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The Lebrecht Weekly


Visit every week to read Norman Lebrecht's latest column. [Index]

Shut that noise

By Norman Lebrecht / June 6, 2007

Picture it. We’re into the catharsis chord in Beethoven’s ninth symphony and sparks of heavenly joy are flying all over the hall when a wire-spec bloke in the second violins, the health and safety rep, gives the conductor a nod to tone it down. The following night, Wagner’s Bruennhilde is getting ready to self-immolate at the end of the Ring when a civil servant enters stage-left at the Royal Opera and orders her to hold back the top notes or risk prosecution under HSE Directive 2003/10/EC.

Fantasy? It has the force of law. The Health and Safety Executive has issued proposals to cut noise levels in places of entertainment. Consultations start next month and while officials make it clear that they have no wish to inhibit the public’s enjoyment of music, ‘we have to balance this against the health of the performers.’

The HSE is knee-jerking to an EU directive that came into force last year cutting noise in the workplace to a daily average of 85 decibels, itself some 5 db higher than the sound of a Boeing 747 landing at Heathrow. No problem to contain in a chocolate factory, but curtains in a concert-hall. ‘There’s anxiety in the industry,’ says Stephen Maddock, chief executive of the City of Birmingham Symphony Orchestra, who has been taking soundings among other ensembles. ‘This may be the trickiest thing we’ve had to deal with for a very long while.’ ‘It’s madness,’ said one opera boss.

The noise issue began rumbling a decade ago when woodwind players complained that modern brass instruments were getting louder. The Musicians Union took the matter up with the Association of British Orchestras (ABO) which, in 2001, commissioned a survey of 400 players by Alison Wright-Reed, an ex-BBC workplace expert, and staged a seminar on the South Bank. Wright-Reed discovered tinnitus – a ringing in the ears - in 42 percent of woodwind players and a high incidence of temporary hearing loss after extremely loud passages.

Orchestras took note and acted promptly. Ten bands held training days and formed dedicated noise teams to monitor progress. Earplugs are issued routinely on request and the seating ramp of the brass is often raised so that their noise goes literally over the heads of the rest. In rehearsal, the blare is contained behind screens.

Eighteen months ago in Bilbao, the ABO won a European Good Practice Award in Safety and Health at Work for its initiative, but by now the HSE was off on a zealous mission of harmonisation, employing Wright-Reed as its adviser.

Whitehall loves to be first in little things; I have yet to see a Ballhausplatz official trying to shove mutes into the blaring trombones of the Vienna Philharmonic or a Roman emissary ordering La Scala to alternate loud works with soft – something every well-run opera house does routinely as part of a varied artistic plan.

The HSE intervention could be dismissed as a clerical error were it not symptomatic of a nanny state that seeks to regulate everything from fags on a pub patio to the curve of bananas. Setting aside the need to protect the public health, bureaucracy takes leave of its senses when it meddles with art. How long before Carmen’s cigarette factory is converted by law to computer chips and Bruennhilde is relieved of her matches?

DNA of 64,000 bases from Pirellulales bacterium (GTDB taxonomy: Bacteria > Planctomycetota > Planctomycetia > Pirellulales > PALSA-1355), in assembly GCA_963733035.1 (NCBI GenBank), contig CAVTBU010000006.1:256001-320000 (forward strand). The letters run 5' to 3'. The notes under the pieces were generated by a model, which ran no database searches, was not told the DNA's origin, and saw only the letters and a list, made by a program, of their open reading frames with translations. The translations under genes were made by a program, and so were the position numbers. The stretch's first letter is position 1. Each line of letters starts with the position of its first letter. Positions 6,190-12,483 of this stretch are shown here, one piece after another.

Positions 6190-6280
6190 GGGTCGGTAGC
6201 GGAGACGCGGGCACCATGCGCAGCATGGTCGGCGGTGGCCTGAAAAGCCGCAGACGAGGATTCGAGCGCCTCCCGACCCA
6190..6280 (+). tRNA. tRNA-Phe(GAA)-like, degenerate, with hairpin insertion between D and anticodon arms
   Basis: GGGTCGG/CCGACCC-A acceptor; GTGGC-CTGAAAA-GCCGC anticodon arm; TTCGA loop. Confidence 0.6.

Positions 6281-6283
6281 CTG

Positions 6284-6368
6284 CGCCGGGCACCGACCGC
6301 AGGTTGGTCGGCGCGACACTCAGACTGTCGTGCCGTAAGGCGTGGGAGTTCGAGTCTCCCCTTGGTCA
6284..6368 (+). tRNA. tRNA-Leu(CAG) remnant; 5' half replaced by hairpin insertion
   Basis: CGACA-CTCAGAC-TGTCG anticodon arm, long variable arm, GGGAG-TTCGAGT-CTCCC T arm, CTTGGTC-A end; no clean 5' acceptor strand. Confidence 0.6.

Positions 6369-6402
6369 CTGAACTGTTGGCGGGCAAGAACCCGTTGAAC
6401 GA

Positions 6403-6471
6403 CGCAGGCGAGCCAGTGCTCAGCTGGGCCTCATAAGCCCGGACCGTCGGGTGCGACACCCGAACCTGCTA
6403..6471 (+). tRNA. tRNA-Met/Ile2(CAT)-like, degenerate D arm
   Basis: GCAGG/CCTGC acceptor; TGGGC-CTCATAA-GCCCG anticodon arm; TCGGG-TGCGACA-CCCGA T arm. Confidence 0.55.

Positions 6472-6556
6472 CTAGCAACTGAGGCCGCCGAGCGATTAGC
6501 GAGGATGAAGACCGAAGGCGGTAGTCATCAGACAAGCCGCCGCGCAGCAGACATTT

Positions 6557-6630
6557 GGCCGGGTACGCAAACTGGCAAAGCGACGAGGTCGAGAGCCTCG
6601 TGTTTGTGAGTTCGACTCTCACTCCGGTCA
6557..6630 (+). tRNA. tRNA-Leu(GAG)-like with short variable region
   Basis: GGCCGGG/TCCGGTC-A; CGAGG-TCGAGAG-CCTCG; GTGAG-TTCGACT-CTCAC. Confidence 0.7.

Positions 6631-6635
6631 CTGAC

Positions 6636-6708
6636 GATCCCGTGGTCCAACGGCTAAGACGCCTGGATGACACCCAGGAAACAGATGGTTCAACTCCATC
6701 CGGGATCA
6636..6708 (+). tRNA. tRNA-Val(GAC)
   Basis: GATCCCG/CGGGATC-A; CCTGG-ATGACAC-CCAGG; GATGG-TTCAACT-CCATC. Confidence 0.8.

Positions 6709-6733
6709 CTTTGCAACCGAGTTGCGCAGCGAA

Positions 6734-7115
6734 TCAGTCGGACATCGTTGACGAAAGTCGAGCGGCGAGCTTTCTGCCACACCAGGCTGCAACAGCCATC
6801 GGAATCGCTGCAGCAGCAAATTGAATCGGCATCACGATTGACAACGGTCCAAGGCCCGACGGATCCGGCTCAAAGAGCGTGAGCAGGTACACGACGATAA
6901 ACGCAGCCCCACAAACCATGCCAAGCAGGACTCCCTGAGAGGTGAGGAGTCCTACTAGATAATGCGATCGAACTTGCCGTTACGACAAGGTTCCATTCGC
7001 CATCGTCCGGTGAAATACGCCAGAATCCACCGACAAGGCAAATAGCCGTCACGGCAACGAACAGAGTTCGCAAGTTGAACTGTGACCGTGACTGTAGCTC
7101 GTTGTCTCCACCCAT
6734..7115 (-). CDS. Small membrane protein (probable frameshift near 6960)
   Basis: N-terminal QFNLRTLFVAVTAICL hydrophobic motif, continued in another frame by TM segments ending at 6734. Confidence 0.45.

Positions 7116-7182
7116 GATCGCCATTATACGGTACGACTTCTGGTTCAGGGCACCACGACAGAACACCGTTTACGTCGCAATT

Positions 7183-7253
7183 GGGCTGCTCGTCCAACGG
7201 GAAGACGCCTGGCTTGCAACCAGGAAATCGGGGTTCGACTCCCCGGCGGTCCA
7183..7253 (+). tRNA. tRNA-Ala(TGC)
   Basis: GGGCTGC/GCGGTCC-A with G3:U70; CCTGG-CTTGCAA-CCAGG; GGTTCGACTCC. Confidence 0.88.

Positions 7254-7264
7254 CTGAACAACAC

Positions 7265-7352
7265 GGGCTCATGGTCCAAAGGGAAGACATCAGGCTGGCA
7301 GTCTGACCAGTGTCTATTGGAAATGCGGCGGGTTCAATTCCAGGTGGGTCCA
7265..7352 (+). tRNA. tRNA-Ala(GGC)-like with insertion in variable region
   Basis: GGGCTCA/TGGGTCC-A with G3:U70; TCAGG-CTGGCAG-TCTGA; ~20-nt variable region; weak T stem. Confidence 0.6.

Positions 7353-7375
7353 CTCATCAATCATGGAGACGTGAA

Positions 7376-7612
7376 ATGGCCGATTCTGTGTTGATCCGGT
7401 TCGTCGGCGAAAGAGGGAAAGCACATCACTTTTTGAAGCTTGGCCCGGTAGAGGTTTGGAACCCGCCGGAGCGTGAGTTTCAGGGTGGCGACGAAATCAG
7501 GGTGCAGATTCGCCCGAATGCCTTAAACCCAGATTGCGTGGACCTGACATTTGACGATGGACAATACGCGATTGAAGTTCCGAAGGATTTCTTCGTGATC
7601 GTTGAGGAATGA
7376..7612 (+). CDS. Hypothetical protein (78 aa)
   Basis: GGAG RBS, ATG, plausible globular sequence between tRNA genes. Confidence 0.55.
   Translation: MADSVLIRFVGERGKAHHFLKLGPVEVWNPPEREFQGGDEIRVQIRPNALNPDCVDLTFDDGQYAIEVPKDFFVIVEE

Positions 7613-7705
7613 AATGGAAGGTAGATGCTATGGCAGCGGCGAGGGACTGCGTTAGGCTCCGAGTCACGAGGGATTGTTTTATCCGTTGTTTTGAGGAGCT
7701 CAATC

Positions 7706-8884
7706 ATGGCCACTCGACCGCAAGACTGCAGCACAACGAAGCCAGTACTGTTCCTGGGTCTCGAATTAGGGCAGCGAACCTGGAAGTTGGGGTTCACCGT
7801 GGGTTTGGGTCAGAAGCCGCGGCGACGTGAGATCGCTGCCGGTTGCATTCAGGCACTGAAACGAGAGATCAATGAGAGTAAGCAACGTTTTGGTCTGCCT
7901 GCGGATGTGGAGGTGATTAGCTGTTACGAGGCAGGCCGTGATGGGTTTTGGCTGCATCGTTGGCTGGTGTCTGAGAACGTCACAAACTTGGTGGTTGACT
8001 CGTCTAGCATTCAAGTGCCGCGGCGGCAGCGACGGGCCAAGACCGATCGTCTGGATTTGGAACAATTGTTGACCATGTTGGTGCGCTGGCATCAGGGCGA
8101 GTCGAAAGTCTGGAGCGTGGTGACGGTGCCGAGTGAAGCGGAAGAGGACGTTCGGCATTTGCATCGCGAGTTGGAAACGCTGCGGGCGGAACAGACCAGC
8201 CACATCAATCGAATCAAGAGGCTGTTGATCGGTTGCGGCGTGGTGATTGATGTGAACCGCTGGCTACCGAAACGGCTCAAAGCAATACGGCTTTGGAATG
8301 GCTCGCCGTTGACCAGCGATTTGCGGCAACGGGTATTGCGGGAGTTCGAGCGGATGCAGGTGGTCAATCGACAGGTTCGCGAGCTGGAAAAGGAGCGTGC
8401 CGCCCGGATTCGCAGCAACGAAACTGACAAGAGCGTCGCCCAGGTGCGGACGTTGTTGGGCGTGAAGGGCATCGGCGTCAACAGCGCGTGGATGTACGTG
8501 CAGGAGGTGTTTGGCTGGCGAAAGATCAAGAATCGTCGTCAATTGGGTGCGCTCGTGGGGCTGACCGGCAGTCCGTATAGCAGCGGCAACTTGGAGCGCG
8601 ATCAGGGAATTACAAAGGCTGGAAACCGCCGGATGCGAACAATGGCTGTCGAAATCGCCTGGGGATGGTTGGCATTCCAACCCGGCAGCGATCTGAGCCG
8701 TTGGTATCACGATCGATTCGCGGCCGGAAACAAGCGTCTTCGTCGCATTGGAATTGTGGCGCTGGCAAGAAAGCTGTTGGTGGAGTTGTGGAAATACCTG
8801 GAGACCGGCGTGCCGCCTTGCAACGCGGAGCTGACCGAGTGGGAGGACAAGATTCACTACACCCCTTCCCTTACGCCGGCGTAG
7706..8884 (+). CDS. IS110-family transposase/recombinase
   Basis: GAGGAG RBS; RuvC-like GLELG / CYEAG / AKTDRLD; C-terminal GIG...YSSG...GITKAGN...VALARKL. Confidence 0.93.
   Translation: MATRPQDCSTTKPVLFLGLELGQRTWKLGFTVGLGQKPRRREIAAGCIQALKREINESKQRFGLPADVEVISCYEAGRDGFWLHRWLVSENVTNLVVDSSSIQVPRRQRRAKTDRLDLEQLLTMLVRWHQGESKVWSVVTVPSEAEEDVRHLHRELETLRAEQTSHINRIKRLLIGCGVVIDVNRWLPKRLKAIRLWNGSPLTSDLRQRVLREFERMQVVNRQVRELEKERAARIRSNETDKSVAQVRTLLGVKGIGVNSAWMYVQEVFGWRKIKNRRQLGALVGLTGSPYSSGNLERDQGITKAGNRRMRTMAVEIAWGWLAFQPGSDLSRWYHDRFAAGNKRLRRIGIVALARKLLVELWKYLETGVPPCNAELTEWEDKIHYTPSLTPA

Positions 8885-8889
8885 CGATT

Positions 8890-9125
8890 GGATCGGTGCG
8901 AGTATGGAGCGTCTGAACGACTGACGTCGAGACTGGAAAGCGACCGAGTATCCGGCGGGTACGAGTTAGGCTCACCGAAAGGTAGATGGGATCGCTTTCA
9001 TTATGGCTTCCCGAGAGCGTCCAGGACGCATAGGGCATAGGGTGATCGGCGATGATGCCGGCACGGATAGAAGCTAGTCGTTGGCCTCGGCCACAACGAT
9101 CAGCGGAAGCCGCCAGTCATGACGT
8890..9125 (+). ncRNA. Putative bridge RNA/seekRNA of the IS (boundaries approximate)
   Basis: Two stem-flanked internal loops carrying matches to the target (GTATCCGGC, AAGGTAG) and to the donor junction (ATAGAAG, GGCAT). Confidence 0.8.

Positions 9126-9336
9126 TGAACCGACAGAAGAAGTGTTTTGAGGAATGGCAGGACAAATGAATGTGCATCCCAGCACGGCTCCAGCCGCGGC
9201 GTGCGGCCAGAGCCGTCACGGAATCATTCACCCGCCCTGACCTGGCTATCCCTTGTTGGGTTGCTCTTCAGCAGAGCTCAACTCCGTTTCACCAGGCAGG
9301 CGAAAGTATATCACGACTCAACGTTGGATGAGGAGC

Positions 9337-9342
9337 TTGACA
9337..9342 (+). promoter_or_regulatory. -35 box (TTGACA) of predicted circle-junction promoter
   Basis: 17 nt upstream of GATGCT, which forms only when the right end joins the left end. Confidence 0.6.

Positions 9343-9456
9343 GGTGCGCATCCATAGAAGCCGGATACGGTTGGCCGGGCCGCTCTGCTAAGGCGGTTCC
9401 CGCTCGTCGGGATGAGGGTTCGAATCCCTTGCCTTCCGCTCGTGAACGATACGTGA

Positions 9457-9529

Logic plays no part in these determinations. Under present measures, metal groups and Glastonbury can carry on belting out 120 decibels a gig, while string quartets will be monitored for noise. Every pop fan with an iPod commonly receives 15 minutes at 95db, which medical authorities agree is the threshold for permanent hearing damage, but neither the electronics nor the rock industry are under orders to cut back noise. Nor should they be. It is as much an adult right to risk deafness as it is to get drunk.

As for the science, it’s as tremulous as tealeaves. A study at the University of Toronto challenged Wright-Reed’s findings two years ago, showing that none of 67 opera musicians tested during 18 three-hour sessions of rehearsal and performance suffered measurable risk to their hearing, and that the general noise level was below 85db. True, music is getting appreciably louder in every form, but the human constitution is magnificently adaptable and it may be that modern ears are simply more resilient.

If the authorities were really concerned for the health of musicians, they would be looking at studies launched by the late Ian James at the Royal Free Hospital in Hampstead, showing that as many as one in three London orchestral players has a dependency on alcohol, tranquillisers or beta-blockers. A recent thesis at the University of Florida suggests the figure across all musical genres may be as high as 53 percent.

The inherent occupational stress – fear of failure at high performance – is treatable by various therapies. London musicians, though, face specific stresses arising from lack of job security, long working hours and the mounting difficulty of getting from one side of the river to the other in time for the next session with puff in the lungs and no pain in the fingers. The daily grind of making music for London is making musicians seriously ill.

That is where the HSE ought to be turning its attention – to funding a drop-in clinic for working musicians where they can get prompt attention for their aches and pains, regular hearing checks, and therapy where necessary. There is a British Association for Performing Arts Medicine, which is funded entirely by unions and charities. A modest grant from the HSE would do more good than a mountain of directives, but that’s not what nanny government is about, is it?

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Visit every week to read Norman Lebrecht's latest column. [Index]


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